Pregnant Sharks and Rays Abort Offspring When Fished

Pregnant Sharks and Rays Abort Offspring When Fished – Guest post by Kye Adams

Have you ever seen a viral video of a shark or ray giving birth (e.g. River Monsters)? Unfortunately, it turns out these videos have a pretty dark explanation: There’s a fairly high chance the female is actually aborting her pups due to the stress of being caught.

Our new article just published in Biological Conservation  shows that abortion in sharks and rays is a surprisingly common, yet often misinterpreted response to stress. It’s thought that the premature release of pups is a strategy to allow the female to escape more easily if threatened by predators. Alternatively she releases pups if she is attacked by a predator or stranded on a beach to give the pups a chance at survival. Unfortunately it seems that fishing can also trigger this stress response, with pups being induced by most types of fishing including hook and line angling, commercial methods such as long lining, gill-netting and trawling.

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A female Nigerian guitarfish (Rhinobatos annulatus) with pups it aborted after being stranded. Photographer: Kolette Grobler

To date, birth induced by fishing has been observed in 88 different species of sharks and rays, including a number of endangered species such as angel sharks and sawfish. On average 1 in 4 pregnant females are estimated to expel embryos on capture, but for some species, this can be as high as 85%. The study also examined 40 videos of sharks and rays giving birth posted on social media and found that, in most cases, the videos actually showed stress-induced births, including some endangered species.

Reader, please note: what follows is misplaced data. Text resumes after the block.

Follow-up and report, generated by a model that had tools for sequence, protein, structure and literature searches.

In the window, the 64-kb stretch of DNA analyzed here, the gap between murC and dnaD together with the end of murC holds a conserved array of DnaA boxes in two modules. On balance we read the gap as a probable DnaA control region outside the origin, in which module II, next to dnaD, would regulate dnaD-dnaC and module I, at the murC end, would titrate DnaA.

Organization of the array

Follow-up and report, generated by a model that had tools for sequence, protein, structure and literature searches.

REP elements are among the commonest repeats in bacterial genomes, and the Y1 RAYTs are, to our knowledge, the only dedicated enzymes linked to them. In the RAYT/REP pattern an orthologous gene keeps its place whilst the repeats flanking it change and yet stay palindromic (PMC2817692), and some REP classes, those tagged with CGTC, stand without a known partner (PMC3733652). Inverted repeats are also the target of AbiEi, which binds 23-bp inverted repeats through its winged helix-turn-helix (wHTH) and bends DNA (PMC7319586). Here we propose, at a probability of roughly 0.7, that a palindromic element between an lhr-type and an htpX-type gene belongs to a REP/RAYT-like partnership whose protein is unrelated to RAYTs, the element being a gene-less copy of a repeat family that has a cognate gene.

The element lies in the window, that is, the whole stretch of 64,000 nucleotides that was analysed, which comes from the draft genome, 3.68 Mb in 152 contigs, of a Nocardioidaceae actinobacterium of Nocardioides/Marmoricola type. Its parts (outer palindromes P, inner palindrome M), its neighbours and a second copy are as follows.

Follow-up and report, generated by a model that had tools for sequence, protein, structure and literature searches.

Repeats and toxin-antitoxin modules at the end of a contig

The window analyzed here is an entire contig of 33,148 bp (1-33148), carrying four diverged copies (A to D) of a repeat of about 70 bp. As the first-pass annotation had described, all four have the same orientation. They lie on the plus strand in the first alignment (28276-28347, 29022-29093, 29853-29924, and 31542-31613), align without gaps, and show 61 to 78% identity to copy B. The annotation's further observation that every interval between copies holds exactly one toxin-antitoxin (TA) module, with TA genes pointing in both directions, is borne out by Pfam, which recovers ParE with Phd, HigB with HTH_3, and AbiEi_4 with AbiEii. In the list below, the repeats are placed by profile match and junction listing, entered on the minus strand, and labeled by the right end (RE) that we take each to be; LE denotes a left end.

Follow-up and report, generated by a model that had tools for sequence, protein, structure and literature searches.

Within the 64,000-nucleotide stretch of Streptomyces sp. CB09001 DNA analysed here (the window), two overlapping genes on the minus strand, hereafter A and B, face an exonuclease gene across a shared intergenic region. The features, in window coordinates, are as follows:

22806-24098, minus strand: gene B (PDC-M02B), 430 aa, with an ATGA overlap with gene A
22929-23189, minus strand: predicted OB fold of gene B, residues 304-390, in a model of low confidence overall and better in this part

Co-author Lachlan (From Fish Thinkers): On a recent research trip there were numerous examples of some species of rays and sharks aborting pups after being trawled up from the depths. Below is some example footage I took showing  a type of electric ray (Tasmanian numbfish, Narcine tasmaniensis) that were aborting their litters after capture…prior to this footage this particular one had already aborted at least 2 pups. 

Although they don’t show maternal care after birth, sharks and rays invest a huge amount of energy into their offspring during development to give them the best start in life. They also have one of the longest gestation periods in the animal kingdom, with an abortion event disrupting a pregnancy of up to two years for some species. However, it is still unknown whether the pups stand any chance of survival when induced by a fishing event, even if they are near term like the spikey dogfish pup pictured below. 

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A near-term spikey dogfish (Squalus megalops) of approximately 24 cm total length that came from a female caught via trawl. Photo: L. Fetterplace

If you do capture a shark or ray that looks like it might be pregnant – and a lot of the time it’s obvious because they’re so fat – there are three general techniques to reduce stress and the chance of causing an abortion:

  • minimise the time the fish spends fighting on the line
  • Do not remove the shark/ray from the water, cut the line close to the mouth (making sure to keep all your limbs)
  • avoid fishing in known reproductive periods and/or areas

One strategy to remove the risk of abortions for the species that are most vulnerable might be seasonal or spatial closures of fishing around pupping or nursery areas to give the females somewhere to pup peacefully.

(Ed: If you would like to read the paper in full and don’t have institutional access to get past the paywall, send us a message and we will happily send through a copy).

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Tasmanian numbfish, Narcine tasmaniensis aborted their pups in large numbers after being caught by trawl. Photo L. Fetterplace

 

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